So while goats can certainly nibble on bits of silage from bales as an occasional treat or supplement, it should never make up the bulk of their diet. 

Furthermore, not all types of silage are suitable for goat consumption.

Some farmers may use additives during the ensiling process that can be harmful to goats if ingested in excess. 

Additionally, certain crops used for making silage may contain high levels of nitrates or molds that could pose health risks to these curious creatures with voracious appetites.

While it may seem tempting to offer your goats those enticing silage bales as a substitute for fresh forage or hay during lean times, it’s crucial not to go overboard with this feeding practice. 

Can Goats Eat Corn Silage?

Now, when it comes to feeding goats corn silage, there are several factors we must consider. 

First and foremost is the nutritional composition of this fodder.

Corn silage is made from fermented whole corn plants or maize stalks and ears.

It is rich in energy and provides a significant amount of carbohydrates and fiber.

However, it is important to note that goats are ruminants with unique digestive systems. 

So, can goats eat corn silage?

Yes, they can! But here’s where things get tricky.

The high carbohydrate content in corn silage can pose some challenges for our beloved goat friends. 

Goats have a sensitive digestive system that thrives on a balanced diet containing appropriate levels of fiber and protein.

Excessive consumption of corn silage can lead to an imbalance in their rumen flora and potentially cause issues such as acidosis or even bloat. 

This means we must exercise caution when introducing this feed into their diets.

If you decide to incorporate corn silage into their feeding regime, make sure it only constitutes a small proportion of their overall diet.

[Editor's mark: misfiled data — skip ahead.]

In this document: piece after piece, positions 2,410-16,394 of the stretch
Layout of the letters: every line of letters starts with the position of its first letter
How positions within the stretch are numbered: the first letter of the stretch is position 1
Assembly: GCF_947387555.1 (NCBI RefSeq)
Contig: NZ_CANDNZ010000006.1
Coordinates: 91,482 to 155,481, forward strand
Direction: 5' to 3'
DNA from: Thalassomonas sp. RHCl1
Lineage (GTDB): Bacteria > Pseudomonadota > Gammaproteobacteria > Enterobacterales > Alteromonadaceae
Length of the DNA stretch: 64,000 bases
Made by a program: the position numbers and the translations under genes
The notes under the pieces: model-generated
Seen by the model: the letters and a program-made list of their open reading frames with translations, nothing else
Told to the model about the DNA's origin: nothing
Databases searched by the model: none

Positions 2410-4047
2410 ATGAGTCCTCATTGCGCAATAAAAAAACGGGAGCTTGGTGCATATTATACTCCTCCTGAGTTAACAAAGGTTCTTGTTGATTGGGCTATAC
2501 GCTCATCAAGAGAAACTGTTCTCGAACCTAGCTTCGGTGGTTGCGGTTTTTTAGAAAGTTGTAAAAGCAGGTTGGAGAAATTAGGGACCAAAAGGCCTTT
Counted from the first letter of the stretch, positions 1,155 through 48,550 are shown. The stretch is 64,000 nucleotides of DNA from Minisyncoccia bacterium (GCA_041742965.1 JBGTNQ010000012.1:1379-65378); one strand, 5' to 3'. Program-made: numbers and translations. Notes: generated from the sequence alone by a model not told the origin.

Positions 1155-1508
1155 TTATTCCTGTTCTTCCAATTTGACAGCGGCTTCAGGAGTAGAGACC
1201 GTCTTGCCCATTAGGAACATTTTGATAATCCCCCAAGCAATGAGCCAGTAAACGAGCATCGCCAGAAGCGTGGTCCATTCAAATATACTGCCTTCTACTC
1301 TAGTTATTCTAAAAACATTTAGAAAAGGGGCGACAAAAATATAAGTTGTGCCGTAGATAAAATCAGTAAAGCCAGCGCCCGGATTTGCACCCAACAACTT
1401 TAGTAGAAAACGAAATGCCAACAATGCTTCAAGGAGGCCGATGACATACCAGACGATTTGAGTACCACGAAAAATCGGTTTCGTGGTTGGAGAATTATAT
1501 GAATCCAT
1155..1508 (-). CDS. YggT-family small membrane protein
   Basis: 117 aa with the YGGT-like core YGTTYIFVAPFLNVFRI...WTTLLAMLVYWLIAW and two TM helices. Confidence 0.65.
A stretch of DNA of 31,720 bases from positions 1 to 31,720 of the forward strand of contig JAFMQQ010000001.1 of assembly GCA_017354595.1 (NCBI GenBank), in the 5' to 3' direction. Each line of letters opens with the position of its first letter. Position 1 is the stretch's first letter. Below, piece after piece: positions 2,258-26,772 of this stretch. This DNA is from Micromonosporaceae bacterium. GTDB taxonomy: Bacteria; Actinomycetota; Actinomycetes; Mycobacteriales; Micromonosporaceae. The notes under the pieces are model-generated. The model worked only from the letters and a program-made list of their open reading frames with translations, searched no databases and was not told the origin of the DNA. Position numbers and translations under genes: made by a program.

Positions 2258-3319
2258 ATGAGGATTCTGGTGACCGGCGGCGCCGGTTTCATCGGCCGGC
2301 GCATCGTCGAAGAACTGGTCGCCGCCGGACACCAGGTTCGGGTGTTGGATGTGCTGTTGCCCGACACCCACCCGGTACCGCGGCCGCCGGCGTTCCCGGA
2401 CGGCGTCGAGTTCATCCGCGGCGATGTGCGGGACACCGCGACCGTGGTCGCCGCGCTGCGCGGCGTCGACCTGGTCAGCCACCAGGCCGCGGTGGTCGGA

Balancing it out with other forages rich in fiber and providing adequate protein sources will help mitigate any potential digestive complications.

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How Much Silage Per Goat Per Day?

Next, let’s delve into the important question of how much silage goats should consume per day.

Now, it’s important to remember that goats have unique dietary requirements, and their consumption of silage should be carefully regulated. 

Silage is undoubtedly a valuable source of nutrition for these rambunctious creatures, but like everything else in life, moderation is key.

When determining the appropriate amount of silage for your goats, it is crucial to consider their age, size, and activity level. 

Younger goats who are still growing may require a higher intake compared to their fully mature counterparts.

Additionally, lactating does (or female goats) will need a larger quantity to support milk production. 

It is recommended that you consult with a knowledgeable veterinarian or a goat nutritionist who can assess your specific goat herd and provide tailored advice.

As an average guideline, adult goats typically consume around 2-4% of their body weight in dry matter per day. 

However, when it comes to feeding silage specifically, this percentage might vary slightly due to its different moisture content compared to dry feed alternatives.

Generally speaking though, aim for providing your goats with about 1-2 pounds of silage per day as part of their overall diet. 

It’s essential to keep in mind that while silage can be an excellent addition to your goat’s menu, it should not make up the entirety of their diet.

Goats are grazing animals by nature and thrive on diversity. 

A well-rounded diet includes various types of hay (such as timothy or alfalfa), fresh greens like clover or dandelion leaves (if available), and even some grain if appropriate for your specific herd’s needs.

How To Make Silage For Goats

Silage is not just a random pile of cut grass and crops left to ferment like some backyard science experiment gone wrong. 

No, it’s a carefully crafted process that ensures the nutritional value of the feed remains intact for our beloved goats.

So how do we make silage for goats? 

Well, first things first – you need to choose the right crops.

Now, I know there are countless opinions out there on what crops are best for silage production, but I’m here to tell you that nothing beats good old corn. 

Can Goats Eat Silage made from corn?


Corn silage is like goat heaven on earth; it’s packed with energy and nutrients that will keep those curious creatures satisfied and healthy.